The era of personalization is well and truly here. Over 75% of B2C marketing decision makers rank personalization as very or extremely important for short term success (eMarketer). According to Jeff Fuhrim from Adobe, “Highly personalized experiences perform better, compelling more visitors to sign up, subscribe, download, or buy.”
Even Apple is struggling
Yet personalization is still is in it’s infancy with a whopping 72% of digital marketers not knowing how to start personalizing the customer experience (Econsultancy). Even Apple, a leader at delivering flawless digital experiences, is struggling with getting personalization right. In a recent blog post by Christopher Ratcliff, a comment was left by Sitecore’s head of business optimization, Lars Petersen about a disappointing Apple experience he had.
"I managed to pre-order the new iPhone. 90 min. later I went to Apple.com, using the same device I just used to buy the new iPhone - the content I see is all focused on selling me the iPhone 6 (they have forgotten all about me). As a consumer, this is very disappointing and very irrelevant (don’t they know me?)!”
This is evidently a nightmare scenario for any company, no less Apple, but Lars at the end of his comment states, “Data and personalization are key for a connected experience and in my experience with Apple.com, they aren't using either.”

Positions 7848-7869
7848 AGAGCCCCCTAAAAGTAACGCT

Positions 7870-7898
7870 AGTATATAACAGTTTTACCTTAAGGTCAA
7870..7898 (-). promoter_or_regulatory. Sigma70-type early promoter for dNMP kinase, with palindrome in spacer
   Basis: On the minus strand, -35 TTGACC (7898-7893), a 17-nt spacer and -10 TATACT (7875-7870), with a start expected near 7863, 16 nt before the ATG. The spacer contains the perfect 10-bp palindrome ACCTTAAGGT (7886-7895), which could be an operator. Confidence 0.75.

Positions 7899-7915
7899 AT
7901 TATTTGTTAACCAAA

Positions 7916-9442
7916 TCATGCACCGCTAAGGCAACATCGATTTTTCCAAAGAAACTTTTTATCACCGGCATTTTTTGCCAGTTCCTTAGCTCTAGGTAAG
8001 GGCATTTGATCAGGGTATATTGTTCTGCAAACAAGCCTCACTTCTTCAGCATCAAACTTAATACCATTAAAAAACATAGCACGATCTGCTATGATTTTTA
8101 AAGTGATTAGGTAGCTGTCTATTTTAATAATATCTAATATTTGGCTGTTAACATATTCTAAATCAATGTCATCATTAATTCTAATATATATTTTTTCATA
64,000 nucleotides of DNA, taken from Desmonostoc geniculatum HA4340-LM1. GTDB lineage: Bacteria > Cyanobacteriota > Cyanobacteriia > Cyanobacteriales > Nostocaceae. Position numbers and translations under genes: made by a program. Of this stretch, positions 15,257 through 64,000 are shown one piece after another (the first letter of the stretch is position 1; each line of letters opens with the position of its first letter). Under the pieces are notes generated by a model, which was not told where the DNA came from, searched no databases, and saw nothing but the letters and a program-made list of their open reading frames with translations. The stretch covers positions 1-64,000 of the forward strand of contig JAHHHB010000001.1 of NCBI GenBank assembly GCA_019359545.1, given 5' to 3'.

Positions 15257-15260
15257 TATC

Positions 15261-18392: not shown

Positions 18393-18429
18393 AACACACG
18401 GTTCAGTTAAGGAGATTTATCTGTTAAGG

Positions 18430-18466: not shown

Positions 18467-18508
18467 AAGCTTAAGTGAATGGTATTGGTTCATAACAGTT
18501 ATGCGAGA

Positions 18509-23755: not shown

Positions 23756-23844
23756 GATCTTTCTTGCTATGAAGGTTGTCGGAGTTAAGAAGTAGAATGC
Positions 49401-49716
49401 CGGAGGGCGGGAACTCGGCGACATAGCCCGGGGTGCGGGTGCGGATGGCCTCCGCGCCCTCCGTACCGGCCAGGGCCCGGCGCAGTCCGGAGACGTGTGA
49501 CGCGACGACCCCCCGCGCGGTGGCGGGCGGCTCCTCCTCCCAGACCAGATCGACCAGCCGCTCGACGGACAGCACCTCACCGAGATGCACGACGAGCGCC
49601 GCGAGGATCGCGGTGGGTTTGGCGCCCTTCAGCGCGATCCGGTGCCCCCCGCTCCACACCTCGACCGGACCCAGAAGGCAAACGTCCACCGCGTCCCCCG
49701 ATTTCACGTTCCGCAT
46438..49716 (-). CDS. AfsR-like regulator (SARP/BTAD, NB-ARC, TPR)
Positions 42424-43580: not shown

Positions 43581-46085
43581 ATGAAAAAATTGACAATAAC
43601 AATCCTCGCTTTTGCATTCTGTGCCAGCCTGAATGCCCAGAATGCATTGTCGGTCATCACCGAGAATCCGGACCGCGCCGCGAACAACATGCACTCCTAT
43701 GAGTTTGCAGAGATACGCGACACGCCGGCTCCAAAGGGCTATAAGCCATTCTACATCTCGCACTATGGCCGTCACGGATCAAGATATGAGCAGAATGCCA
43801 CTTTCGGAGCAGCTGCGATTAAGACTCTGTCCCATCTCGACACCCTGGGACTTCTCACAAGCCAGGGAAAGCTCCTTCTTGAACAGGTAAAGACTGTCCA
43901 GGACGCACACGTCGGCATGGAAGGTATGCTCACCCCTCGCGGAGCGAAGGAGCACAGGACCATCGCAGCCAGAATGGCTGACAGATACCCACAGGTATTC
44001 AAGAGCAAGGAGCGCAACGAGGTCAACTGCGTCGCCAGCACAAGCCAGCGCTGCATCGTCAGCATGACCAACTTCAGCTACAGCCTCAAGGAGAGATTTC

Data is key, but what is the ‘right’ data to use
Recently, Jeff Fuhrim looked at three different data sources used to power personalization in his post – Advantage and Limitations of Implicit Data.
One data stream he explores is profile data i.e. past purchases, contact information, etc. Much of the personalization done today is leveraging profile data. Yet as Jeff notes, “To evaluate the usefulness of profile data ask yourself, does this information put me in touch with what the visitor wants and needs today?”.
It is clearly important to link data and personalization together but what is the ‘right’ data to use?
It’s not about the person, it’s about their purpose
“Sites demonstrate they know a visitor’s location, what the visitor did on their last visit or even what they’ve done elsewhere on the web. Personalization can then seem less about the visitor’s needs and more about the person themselves. This creates user discomfort without necessarily helping them accomplish what they came to do. Part of personalization’s slow growth and looming privacy concern is a consequence of this focus on the visitor, and not on the visit itself.”
Astutely, Jeff pointed out though that, “to know what each and every user wants, you’d need to ask them. This works in person, when a prospect calls or walks into a store, but it’s more complicated in digital.”
What can you do if you can’t ask everyone?
The challenge highlighted by Jeff is one that we have addressed in the last year. At iperceptions, we specialize in capturing a representative sample of visitor intent by asking a small sample of website visitors their intent while on digital properties. However, we understand that we can’t ask every site visitor so Lane Cochrane challenged his research team to recognize intent in session without having to ask every visitor. And they succeeded. Through our Active Recognition Technology, brands are now able to recognize a visitors intent in real-time without the need to ask them. We believe this is key to executing personalization. It’s not about the person, it’s about their purpose. Only when brands shift their thinking towards their customers’ goals will they be able to effectively personalize the customer experience.